Tales about Aviation, Coaching, Farming, Software Development

Draft of a ROCA- and SCS-style application

I had been working on and off on what I call the Meal Planner application before I discovered the idea of Self-Contained Systems (SCS). The concept made a lot of sense to me and as I was already planning on using containers I quikly set out to make a few changes.

The code for it is in the open at GitHub

Continuous Integration for a single developer

I have to make a confession. I don’t use a CI server regularly :-)

As I am working alone and am not part of a team a tool like Jenkins doesn’t really help me. Frequently I am physically somewhere and only have my laptop. If I were using a Jenkins installation it would have to be accessible over the open Internet, which would require a server somewhere in a datacenter and a VPN connection to reach it or I would be running it exposed to the world. There is really no benefit for me as I’m the only contributor to the codebase.

Instead I build everything around my own command line and that means I focus on shell scripts and a local production like environment.

If at some point I happen to have a team, all of that could be easily put into Jenkins as long a I treat the CI server as some sort of a glorified scheduler.

Target runtime environment

As of now my target runtime environment is a Linux host (Debian/Ubuntu) with nothing else installed but the Docker Engine. I’m trying to keep everything isolated in containers and so the host itself can be quite dumb.

Development workflow, project structure, tooling

Here are a few considerations regarding my development workflow:

  • run a multi-piece application locally in a production-like environment
  • build and test containers, then store into a repository
  • deploy tested containers as a single unit from a repository into production

Unlike in the past I don’t want to deploy a WAR or JAR file to any type of application server. Instead the smallest unit for deployment is a Docker container. The container is also the unit that undergoes testing. If it is found to be good, it gets stored under a version number to a repository and the very same container images is deployed to a Docker engine on production host(s) where the container can be run several times for scaling.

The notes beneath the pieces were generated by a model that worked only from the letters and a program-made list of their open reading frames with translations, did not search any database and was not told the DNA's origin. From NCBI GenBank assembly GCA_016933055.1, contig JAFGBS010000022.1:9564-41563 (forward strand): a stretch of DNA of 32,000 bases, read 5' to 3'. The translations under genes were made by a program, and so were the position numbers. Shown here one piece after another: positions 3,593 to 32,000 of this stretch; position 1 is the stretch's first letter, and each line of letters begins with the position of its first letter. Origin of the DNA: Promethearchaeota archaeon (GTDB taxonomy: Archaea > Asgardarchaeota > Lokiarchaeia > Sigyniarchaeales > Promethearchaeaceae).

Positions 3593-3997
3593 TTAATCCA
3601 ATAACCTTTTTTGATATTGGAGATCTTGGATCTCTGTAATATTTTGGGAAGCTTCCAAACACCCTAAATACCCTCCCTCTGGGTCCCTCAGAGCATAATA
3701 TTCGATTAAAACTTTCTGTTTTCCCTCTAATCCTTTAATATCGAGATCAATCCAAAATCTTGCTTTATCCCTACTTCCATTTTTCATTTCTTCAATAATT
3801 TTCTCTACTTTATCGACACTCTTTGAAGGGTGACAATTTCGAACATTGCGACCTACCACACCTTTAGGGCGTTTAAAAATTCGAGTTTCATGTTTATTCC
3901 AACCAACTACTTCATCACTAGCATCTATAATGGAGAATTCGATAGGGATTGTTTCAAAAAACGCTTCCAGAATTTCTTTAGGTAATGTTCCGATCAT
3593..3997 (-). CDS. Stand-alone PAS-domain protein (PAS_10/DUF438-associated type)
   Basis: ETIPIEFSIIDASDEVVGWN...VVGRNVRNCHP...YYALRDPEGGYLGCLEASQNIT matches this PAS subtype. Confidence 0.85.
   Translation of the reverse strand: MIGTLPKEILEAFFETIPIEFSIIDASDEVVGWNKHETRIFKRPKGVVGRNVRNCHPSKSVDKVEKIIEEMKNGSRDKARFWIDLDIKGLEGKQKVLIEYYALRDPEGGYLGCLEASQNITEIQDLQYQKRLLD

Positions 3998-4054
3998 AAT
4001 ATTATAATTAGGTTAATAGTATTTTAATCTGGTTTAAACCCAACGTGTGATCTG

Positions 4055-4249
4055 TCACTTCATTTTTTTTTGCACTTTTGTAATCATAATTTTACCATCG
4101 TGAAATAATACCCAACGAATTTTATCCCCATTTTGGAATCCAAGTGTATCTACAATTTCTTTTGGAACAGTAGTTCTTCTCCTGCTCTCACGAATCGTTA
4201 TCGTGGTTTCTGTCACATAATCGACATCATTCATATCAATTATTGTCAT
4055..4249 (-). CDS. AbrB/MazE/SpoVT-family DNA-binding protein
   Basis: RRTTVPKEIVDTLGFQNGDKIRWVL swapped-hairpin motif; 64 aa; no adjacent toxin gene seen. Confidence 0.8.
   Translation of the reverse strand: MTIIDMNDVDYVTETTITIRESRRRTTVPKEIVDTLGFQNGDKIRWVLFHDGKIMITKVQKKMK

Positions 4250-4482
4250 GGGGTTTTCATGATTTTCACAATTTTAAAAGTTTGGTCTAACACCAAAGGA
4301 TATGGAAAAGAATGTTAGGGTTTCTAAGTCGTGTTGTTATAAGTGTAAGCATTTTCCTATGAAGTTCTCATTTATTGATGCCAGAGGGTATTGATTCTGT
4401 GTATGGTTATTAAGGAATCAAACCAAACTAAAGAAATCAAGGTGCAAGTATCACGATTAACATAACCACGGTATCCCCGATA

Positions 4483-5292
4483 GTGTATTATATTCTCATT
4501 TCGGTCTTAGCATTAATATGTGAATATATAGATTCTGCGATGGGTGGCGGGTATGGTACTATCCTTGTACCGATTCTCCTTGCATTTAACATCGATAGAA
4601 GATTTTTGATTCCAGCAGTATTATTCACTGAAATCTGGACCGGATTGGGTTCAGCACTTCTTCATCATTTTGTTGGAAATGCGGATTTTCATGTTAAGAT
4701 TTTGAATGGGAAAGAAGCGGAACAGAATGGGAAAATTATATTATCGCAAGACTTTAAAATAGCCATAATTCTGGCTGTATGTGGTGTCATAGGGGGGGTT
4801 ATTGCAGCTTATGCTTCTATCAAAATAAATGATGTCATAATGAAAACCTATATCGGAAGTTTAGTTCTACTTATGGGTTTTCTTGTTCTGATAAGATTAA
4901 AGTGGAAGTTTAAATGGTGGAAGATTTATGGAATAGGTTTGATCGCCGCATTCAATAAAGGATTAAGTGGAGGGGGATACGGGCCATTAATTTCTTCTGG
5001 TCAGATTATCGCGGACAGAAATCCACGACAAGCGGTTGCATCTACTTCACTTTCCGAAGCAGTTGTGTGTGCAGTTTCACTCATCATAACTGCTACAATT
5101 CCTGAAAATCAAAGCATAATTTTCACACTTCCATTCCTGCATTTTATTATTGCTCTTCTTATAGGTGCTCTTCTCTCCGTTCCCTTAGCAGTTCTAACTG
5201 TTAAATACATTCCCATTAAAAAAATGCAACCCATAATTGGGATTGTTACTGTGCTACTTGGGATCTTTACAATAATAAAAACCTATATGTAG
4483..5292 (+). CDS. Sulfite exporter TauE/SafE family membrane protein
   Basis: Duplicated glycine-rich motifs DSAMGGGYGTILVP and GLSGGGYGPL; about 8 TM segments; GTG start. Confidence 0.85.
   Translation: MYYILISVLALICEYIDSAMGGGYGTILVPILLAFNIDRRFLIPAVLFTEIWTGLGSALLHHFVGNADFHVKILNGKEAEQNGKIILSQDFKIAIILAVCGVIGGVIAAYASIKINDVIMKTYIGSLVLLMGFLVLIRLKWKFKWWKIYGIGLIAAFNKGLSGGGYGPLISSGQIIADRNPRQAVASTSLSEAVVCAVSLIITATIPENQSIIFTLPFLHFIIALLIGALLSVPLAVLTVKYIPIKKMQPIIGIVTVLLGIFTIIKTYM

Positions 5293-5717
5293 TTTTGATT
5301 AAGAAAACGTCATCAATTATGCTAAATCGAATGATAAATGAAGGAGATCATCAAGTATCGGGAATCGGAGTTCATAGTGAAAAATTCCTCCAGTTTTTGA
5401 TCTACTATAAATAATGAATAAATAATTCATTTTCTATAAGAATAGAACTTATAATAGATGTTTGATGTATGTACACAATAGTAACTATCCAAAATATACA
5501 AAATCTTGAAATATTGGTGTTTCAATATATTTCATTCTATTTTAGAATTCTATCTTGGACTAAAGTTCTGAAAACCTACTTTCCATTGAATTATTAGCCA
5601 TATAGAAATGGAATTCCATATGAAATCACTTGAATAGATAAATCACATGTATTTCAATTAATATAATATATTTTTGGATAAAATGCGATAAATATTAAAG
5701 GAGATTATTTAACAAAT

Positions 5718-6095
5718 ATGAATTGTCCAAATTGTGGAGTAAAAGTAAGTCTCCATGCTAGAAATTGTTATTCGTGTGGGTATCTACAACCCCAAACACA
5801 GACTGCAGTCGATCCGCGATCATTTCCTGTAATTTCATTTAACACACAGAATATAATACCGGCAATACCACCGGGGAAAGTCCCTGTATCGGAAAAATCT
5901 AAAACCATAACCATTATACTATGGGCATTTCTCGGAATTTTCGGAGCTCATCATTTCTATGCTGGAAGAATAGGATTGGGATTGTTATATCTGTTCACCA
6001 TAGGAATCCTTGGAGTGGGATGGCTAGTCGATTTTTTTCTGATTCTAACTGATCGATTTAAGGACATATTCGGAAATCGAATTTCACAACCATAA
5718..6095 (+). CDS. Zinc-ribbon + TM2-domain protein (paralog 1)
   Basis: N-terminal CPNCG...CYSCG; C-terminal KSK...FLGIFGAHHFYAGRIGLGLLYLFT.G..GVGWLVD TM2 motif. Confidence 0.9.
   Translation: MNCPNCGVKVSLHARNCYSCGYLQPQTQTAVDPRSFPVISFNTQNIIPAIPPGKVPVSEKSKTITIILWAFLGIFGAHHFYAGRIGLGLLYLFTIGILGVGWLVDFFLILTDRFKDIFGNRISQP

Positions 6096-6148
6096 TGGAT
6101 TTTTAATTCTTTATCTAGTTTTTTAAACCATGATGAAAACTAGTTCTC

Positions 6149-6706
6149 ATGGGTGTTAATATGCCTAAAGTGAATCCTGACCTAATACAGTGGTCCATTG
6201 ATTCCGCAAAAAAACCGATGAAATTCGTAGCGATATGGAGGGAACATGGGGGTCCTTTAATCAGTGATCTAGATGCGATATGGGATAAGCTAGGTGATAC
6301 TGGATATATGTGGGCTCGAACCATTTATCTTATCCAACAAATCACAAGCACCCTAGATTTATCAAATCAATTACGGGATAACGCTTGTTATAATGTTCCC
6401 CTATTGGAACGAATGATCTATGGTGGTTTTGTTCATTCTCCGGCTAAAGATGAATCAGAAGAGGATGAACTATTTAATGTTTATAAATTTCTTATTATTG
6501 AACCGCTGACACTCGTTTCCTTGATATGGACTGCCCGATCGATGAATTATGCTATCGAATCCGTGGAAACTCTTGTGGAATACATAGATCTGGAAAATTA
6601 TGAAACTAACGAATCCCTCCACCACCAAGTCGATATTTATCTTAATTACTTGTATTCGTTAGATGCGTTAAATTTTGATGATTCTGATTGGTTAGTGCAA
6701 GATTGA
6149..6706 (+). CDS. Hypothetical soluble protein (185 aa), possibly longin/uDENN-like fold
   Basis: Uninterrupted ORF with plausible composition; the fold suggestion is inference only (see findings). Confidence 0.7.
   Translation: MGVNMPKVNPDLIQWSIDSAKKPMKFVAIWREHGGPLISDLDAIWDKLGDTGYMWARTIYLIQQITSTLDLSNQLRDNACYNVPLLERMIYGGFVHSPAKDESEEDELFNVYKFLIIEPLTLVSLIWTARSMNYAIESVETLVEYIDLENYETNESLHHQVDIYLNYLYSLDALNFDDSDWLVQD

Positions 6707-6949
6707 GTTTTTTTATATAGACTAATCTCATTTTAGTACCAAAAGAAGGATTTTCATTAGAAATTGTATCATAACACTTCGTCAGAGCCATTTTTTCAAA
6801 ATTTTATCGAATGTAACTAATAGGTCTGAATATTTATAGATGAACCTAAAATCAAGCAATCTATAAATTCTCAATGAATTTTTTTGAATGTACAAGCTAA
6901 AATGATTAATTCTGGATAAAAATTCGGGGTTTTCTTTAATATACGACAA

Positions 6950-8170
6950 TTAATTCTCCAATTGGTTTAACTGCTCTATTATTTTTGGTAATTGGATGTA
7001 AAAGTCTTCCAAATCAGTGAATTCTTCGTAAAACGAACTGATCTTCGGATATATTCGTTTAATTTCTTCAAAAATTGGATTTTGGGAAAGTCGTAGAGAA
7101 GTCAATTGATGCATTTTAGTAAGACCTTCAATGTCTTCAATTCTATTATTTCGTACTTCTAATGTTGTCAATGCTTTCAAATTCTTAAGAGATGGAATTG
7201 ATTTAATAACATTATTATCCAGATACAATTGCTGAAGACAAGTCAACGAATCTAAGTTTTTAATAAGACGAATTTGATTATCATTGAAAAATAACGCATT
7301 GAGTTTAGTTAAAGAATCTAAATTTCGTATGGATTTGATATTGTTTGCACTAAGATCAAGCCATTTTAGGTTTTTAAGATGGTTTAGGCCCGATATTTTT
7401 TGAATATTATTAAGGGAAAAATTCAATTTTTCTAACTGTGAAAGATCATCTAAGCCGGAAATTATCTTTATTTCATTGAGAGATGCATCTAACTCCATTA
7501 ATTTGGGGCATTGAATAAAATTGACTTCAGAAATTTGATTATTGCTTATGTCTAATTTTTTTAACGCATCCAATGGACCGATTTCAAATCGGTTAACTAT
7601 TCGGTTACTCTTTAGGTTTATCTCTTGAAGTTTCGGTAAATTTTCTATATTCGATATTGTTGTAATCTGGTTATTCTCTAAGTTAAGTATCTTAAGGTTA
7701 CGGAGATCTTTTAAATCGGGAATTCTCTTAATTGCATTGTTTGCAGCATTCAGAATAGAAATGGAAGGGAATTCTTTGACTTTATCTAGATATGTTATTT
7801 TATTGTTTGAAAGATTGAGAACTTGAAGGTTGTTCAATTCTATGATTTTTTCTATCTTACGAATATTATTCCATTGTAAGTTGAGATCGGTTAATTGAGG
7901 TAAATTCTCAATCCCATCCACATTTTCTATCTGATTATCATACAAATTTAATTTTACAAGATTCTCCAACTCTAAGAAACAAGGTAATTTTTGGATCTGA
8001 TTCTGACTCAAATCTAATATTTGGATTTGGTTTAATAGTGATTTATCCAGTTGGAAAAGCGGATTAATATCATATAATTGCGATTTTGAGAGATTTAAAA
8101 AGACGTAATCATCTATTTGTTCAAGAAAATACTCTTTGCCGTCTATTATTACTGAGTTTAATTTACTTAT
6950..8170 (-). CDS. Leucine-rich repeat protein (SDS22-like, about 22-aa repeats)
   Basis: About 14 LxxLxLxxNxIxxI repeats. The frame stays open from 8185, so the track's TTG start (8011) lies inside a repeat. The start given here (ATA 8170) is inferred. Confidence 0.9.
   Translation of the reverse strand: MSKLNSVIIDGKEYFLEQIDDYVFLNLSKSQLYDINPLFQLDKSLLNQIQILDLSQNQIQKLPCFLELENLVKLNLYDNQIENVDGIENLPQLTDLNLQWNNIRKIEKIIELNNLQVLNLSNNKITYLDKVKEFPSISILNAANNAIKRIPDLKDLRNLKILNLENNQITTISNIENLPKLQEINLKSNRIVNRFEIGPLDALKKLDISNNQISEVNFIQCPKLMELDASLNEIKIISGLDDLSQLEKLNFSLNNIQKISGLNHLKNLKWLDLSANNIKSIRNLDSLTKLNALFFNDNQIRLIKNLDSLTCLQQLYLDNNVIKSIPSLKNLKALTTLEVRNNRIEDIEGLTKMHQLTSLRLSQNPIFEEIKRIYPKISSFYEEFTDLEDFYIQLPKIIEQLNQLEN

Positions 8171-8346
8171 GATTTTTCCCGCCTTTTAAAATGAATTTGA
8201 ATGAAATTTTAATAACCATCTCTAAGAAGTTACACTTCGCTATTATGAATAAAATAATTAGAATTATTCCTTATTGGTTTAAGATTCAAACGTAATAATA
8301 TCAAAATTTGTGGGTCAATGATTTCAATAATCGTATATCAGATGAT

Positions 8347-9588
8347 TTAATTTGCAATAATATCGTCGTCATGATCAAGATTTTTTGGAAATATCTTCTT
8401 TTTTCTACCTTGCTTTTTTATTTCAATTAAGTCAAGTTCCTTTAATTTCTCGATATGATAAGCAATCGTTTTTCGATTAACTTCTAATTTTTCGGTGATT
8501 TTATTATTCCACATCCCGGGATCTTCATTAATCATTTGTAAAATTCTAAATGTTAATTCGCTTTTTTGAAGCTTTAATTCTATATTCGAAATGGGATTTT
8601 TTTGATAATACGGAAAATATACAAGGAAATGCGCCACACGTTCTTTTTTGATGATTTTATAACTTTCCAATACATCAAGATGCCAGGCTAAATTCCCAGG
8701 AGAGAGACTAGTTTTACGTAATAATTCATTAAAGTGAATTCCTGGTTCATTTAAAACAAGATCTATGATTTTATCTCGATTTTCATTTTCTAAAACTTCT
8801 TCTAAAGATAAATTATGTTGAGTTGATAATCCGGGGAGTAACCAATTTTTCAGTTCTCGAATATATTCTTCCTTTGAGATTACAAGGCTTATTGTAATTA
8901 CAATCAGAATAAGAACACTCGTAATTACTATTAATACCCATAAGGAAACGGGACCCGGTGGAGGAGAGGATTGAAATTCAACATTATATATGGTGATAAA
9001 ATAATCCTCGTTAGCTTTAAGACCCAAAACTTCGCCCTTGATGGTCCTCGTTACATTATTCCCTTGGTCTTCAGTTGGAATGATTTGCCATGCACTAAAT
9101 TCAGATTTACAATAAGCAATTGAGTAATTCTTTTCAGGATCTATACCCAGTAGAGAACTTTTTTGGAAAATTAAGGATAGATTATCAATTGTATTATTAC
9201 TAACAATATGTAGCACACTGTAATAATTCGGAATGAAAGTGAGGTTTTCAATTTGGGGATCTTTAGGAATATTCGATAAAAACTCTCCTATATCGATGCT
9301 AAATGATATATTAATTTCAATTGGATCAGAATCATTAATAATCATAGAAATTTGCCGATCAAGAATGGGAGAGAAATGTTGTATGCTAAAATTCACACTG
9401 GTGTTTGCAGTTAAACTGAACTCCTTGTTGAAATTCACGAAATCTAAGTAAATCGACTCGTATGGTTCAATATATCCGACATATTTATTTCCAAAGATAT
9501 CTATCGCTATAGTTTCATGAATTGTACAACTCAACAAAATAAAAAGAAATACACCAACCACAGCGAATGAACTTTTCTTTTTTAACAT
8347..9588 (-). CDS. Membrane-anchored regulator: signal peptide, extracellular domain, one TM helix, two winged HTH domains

In order to satisfy my first point I use a custom shell script with the following options:

12:52 sns ~/dev/farm/farm_meal-planner  (master)$ ./localrun.sh
--help    displays help
up        run without rebuilding
down      put all containers down
rebuild   rebuild and run

As of today my directory structure looks like this:

-rw-r--r--@  1 sns  staff   330 Feb 23 10:17 Dockerfile-cucumber
-rw-r--r--@  1 sns  staff   183 Mar  3 21:57 Gemfile
drwxr-xr-x   8 sns  staff   256 Mar 12 12:56 common
drwxr-xr-x   9 sns  staff   288 Mar 12 23:03 cookbooks
-rw-r--r--@  1 sns  staff   512 Mar 18 02:00 docker-compose-dev.yml
drwxr-xr-x  13 sns  staff   416 Mar 15 22:35 features
drwxr-xr-x   3 sns  staff    96 Mar 14 15:56 frontend
-rwxr-xr-x@  1 sns  staff  1442 Apr  6 12:52 localrun.sh
-rwxr-xr-x@  1 sns  staff   679 Mar 11 14:59 localtest.sh
drwxr-xr-x   9 sns  staff   288 Mar 14 15:58 main
drwxr-xr-x   9 sns  staff   288 Mar  8 20:14 navigation
drwxr-xr-x  10 sns  staff   320 Mar 11 20:19 recipes
drwxr-xr-x   8 sns  staff   256 Mar 11 13:02 styles

The directories common, cookbooks, main, navigation, recipes, styles contain independent Maven projects.

localrun rebuild performs mvn package for each of these projects and creates an artifact (JAR file). Then Docker containers are build for each application and eventually started by docker-compose.

In the end I have a production like environment (via Docker engine) on my laptop can I can access the application(s) through http://localhost and see something like this:

To specify what my application(s) are supposed to be doing and for automated testing I use Cucumber. I created another shell script localtest.sh which I can either use to test a specific application or the whole:

00:51 sns ~/dev/farm/farm_meal-planner  (master)$ ./localtest.sh --help
all         Test the whole application on port 80
recipes     Test only recipes on port 8080

It sets a few environment variables and then runs Cucumber in the context of a Bundler bundle. As I run it on my laptop I can visually supervise how a real Google Chrome browser or any other is being used to access the application(s).

I’ve done some experiments to run it unattended on Jenkins in the way described in Testing with Selenium Docker container but at the time being I’m not interested in using Jenkins for the reasons stated earlier. That will likely change in the future when running all my acceptance tests takes longer than 5 minutes and I want to offload that task to a machine.

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